“Mama?” She felt his hand on her face. “Where is Elia?”
Feeling the comfort of Elvish women behind her, she slowly rose, her heart shattering at the broken look on Estel’s face. “She is gone,” Gilraen whispered. “She is gone and she will not be returning.”
“Nay!” Estel shouted, pulling away from her. The anger was raw in his voice; it gave him power. “She is not gone! You will not leave her!”
“Estel, it is too late,” Gilraen pleaded, watching as her son stormed away from her. “Estel?” She would not lose both of her children, one out of grief and one out of a grave mistake. “Estel!”
As a Buffy-in-shock was led around the house by her sister, blank green eyes glanced over large stacks of research books. “What else?” she asked vacantly, her brows furrowing at the stacks.
“Oh, this? This is for research,” Dawn replied quickly, releasing her sister’s arm and heading into the living room. “It’s for this,” she continued, opening the weapon’s trunk and removing a large, black book. The book looked ancient, covered in old golden runes that had mostly worn away. “We’ve been trying to decipher this for months, but I—“ Already, Buffy had lost interest and had wandered away. “It’s actually not that boring,” Dawn said in a rush of words as Buffy retreated into the dining room. “You should have seen how long it took us to find it… we had to beat of these demons. It was a real riot.”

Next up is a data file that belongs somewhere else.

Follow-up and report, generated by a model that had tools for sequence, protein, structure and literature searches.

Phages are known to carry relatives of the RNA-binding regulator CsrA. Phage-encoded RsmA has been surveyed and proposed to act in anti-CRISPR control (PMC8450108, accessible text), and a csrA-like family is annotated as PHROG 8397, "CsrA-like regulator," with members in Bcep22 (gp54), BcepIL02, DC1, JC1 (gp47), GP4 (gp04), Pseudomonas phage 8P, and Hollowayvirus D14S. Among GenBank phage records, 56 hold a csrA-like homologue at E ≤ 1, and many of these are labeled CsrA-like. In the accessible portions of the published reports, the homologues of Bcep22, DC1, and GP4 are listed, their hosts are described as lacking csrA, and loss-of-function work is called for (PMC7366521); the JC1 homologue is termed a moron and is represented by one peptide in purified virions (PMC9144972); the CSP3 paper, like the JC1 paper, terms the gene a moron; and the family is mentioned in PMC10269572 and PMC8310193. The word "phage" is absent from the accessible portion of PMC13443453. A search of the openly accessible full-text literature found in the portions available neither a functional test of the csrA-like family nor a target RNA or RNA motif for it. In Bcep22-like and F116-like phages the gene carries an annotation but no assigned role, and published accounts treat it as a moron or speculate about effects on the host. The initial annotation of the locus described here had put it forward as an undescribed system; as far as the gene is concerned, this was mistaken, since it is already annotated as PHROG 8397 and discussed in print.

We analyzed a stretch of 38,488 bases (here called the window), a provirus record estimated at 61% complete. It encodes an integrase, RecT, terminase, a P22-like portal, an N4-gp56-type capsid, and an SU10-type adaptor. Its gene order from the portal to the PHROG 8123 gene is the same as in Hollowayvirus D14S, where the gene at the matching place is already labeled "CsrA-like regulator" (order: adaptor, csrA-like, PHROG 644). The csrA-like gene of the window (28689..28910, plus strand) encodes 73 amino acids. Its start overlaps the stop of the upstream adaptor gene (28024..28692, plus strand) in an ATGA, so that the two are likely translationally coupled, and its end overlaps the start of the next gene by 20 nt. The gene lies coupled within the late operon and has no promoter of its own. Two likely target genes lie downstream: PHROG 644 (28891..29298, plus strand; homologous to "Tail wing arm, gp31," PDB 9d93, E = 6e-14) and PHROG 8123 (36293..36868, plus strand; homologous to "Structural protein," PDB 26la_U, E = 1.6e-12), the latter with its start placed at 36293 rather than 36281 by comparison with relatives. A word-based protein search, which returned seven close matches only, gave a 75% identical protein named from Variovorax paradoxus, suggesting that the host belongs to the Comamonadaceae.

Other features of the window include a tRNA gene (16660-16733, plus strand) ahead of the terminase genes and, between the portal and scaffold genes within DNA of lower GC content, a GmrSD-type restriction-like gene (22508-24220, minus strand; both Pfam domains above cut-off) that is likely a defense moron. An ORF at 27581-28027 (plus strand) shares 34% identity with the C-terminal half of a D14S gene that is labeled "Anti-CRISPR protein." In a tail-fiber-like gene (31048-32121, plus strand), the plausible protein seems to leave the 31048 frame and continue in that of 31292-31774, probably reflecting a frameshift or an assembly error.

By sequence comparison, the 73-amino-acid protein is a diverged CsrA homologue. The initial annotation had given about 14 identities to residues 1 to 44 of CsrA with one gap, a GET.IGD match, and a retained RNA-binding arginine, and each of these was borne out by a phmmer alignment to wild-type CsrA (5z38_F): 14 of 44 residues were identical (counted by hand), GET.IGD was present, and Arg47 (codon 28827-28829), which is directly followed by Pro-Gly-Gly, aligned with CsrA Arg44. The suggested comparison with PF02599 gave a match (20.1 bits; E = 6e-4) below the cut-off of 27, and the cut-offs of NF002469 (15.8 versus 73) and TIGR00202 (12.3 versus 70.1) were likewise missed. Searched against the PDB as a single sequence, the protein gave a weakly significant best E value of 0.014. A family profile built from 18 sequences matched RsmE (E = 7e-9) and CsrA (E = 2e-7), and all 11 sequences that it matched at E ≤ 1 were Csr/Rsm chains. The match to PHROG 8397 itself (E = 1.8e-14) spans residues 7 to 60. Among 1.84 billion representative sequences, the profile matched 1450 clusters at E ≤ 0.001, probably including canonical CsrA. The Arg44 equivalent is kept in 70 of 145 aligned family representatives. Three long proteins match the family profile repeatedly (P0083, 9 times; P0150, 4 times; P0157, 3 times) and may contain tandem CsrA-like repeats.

Her next words froze at the look on her sister’s face as she blinked in the dining room. “It’s almost the same,” Dawn said quickly. “Except we eat here now. Me and Willow and Tara.” Before she could continue, Buffy had walked on and Dawn found herself growing frustrated as she tried to keep up with her sister.
For some reason, her sister was back from the dead. And she was going to make it her mission to find out why.